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OPINION: State of exports

The USMCA is the trade deal New Jersey manufacturers need to stay competitive

USMCA or the new NAFTA United States Mexico Canada agreement symbol with north america flags as a trade deal negotiation and economic deal fot the American Mexican and Canadian governments as a 3D illustration.


New Jersey is a state that depends on trade. We are the 13th-largest exporter in the country, leaning heavily on our ability to reach customers outside of the United States to power our economy. The high-quality goods our workers create – from fresh produce to specialized computer equipment to pharmaceuticals – reach communities around the world. And it’s something we are very proud of.

Manufacturing accounts for 90 percent of all New Jersey exports, according to Choose: New Jersey. And that is no surprise since our state is a manufacturing stronghold housing some of the largest manufacturing companies in the world, including Novartis, Anheuser-Busch, Campbell Soup Co., and more.

But to protect our position as a leader in manufacturing and exports and to sustain the dynamic New Jersey economy, Congress must come together to pass the United States-Mexico-Canada Agreement (USMCA). Leaders from the U.S., Canada and Mexico signed off on the agreement last November. Mexico has ratified the USMCA, and Canada has pledged to follow suit. Now, it’s our turn. The Garden State depends on it.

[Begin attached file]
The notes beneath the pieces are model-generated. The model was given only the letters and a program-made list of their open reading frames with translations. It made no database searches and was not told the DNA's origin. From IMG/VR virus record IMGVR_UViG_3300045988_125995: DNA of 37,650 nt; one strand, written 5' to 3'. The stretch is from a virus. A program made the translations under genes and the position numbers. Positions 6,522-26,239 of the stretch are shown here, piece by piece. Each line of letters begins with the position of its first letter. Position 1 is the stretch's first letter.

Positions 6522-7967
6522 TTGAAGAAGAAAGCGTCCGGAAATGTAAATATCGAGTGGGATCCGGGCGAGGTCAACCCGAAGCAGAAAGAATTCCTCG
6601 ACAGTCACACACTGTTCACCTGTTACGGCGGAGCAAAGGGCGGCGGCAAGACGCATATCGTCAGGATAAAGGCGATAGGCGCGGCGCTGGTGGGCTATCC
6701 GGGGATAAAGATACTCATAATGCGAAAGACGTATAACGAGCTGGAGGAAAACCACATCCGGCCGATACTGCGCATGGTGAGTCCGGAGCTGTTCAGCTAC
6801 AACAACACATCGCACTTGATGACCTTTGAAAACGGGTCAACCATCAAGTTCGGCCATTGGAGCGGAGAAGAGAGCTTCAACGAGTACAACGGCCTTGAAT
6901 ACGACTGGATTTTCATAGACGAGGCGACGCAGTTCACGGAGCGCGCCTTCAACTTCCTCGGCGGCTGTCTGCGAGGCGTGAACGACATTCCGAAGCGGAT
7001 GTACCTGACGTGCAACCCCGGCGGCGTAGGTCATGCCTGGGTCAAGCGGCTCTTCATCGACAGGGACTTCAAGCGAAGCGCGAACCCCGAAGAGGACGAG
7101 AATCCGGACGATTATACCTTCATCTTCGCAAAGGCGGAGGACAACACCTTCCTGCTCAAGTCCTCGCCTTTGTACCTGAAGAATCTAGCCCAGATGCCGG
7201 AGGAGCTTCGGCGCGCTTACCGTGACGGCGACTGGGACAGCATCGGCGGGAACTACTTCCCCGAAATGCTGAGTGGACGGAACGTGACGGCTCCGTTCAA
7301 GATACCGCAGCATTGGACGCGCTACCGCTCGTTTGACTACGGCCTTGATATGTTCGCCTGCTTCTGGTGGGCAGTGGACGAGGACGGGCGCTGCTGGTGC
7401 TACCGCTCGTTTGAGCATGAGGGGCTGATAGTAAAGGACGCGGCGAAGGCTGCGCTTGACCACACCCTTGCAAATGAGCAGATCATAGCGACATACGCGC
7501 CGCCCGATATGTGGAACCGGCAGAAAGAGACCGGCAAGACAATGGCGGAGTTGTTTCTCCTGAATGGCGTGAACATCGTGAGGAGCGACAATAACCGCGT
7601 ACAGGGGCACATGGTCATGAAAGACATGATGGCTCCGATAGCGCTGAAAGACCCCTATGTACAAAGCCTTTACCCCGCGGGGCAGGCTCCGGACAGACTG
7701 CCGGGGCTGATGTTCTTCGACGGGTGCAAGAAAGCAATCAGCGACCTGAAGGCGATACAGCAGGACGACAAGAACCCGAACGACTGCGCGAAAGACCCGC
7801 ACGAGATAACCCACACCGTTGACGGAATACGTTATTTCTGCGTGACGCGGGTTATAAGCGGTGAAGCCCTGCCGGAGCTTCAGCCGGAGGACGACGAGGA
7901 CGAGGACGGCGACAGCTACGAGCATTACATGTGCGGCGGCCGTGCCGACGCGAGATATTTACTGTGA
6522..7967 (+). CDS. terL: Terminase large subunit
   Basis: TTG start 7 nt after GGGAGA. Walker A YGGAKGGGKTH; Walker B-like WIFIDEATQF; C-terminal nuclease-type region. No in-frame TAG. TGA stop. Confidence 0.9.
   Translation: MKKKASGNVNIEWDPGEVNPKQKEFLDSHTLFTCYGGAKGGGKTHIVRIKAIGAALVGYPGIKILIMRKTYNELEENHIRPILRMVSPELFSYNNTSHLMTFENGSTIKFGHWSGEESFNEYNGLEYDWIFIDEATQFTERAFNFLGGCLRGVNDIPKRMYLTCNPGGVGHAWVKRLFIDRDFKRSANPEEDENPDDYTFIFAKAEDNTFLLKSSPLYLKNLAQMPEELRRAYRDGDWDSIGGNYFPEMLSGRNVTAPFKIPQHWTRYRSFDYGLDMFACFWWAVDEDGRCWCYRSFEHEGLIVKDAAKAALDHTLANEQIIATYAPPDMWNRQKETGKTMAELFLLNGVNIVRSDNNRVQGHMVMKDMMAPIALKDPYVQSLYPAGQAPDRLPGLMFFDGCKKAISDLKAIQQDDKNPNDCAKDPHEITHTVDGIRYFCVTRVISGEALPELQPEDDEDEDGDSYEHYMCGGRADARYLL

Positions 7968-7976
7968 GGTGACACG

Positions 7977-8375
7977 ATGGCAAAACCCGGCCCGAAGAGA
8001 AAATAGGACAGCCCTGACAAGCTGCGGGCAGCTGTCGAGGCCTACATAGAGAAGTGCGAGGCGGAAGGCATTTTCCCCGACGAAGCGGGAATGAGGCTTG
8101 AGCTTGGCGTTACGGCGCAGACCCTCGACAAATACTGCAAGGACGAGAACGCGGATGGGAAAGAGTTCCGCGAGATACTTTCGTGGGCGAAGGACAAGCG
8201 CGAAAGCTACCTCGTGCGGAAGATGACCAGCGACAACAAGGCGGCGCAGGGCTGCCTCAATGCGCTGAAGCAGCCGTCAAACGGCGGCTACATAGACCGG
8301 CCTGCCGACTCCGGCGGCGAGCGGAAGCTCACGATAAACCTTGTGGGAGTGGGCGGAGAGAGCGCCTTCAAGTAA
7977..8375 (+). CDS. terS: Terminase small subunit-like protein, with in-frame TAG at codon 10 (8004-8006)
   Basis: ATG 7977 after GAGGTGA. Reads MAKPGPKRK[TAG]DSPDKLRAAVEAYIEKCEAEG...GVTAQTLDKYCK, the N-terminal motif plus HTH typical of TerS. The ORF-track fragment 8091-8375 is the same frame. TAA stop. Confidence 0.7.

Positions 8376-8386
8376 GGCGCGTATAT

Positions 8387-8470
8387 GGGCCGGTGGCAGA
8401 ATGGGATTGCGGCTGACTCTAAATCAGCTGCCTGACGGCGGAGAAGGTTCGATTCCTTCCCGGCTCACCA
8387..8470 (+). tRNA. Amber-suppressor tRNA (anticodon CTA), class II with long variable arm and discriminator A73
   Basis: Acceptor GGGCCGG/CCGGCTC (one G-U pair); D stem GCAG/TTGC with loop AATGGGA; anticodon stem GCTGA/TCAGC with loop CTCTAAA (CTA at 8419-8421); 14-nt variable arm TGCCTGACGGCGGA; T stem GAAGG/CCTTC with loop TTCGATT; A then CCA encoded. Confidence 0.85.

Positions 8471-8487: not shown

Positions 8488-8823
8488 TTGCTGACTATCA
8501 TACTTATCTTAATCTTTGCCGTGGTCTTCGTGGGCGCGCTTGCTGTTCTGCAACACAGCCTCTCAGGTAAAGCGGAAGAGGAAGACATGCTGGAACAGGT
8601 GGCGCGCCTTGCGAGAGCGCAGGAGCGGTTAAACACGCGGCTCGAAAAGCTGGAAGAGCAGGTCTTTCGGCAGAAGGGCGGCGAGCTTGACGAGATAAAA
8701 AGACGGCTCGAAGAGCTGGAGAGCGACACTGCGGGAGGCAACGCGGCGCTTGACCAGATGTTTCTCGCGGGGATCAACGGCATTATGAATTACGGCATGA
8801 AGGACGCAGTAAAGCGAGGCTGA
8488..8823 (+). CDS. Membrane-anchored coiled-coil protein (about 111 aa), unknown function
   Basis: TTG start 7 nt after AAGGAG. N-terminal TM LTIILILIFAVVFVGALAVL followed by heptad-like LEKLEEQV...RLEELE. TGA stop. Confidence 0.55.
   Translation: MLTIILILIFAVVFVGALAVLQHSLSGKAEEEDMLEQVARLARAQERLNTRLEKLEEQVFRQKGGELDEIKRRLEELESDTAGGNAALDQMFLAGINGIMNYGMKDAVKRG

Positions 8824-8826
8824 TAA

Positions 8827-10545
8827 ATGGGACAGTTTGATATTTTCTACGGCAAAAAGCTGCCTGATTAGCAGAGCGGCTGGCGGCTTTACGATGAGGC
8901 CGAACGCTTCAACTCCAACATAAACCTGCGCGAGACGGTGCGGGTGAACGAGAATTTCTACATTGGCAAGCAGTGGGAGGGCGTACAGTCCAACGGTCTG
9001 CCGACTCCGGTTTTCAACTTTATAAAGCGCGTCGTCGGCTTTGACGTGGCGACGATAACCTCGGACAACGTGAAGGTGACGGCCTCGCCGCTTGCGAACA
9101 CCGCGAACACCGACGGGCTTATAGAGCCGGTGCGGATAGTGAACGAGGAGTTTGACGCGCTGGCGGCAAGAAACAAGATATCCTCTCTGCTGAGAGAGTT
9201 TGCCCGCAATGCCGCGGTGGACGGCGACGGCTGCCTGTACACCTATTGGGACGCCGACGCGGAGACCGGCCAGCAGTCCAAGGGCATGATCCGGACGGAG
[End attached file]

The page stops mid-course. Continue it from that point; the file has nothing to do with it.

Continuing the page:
North American trade is increasingly important to our state. Last year, Canada and Mexico accounted for $9.5 billion in total manufactured good exports and supported over 15,000 well-paying jobs across the state, according to the National Association of Manufacturers. And this didn’t happen overnight. It’s a cumulative result that was only realized after 25 years of stable, tariff-free trading partnerships as a result of the North American Free Trade Agreement (NAFTA).

With the USMCA in place to update and modernize NAFTA to fit the needs of the 21st-century economy, we can expect these upward economic trends to continue. But if we allow the trade agreement to stall any longer, the consequences could be catastrophic in an already-volatile global economy.

Currently, U.S. businesses face no tariffs when trading with Canada and Mexico. However, without a strong, 21st-century trade deal established, manufacturers in New Jersey could be hit with $1.2 billion in extra taxes. This extreme burden on our businesses will without a doubt create deep problems throughout the state, putting our large and small businesses at a competitive disadvantage globally. At a time when our nation needs more well-paying American jobs, these tariffs could have drastic effects on the long-term viability of our economy.

As any Garden State resident can tell you, manufacturing is a central part of everyday life in New Jersey. Their facilities line our streets, especially in Morris County, they support our communities, and they provide our residents with secure, career-track jobs. Generations of manufacturing workers and their families have enjoyed success in our state due to New Jersey’s trading practices. That needs to continue.
This is how we have brought prosperity to our state, and the USMCA is how that prosperity will continue for years to come.

Michael Inganamort is a partner at ASG Advisors and Council President in Chester Township.

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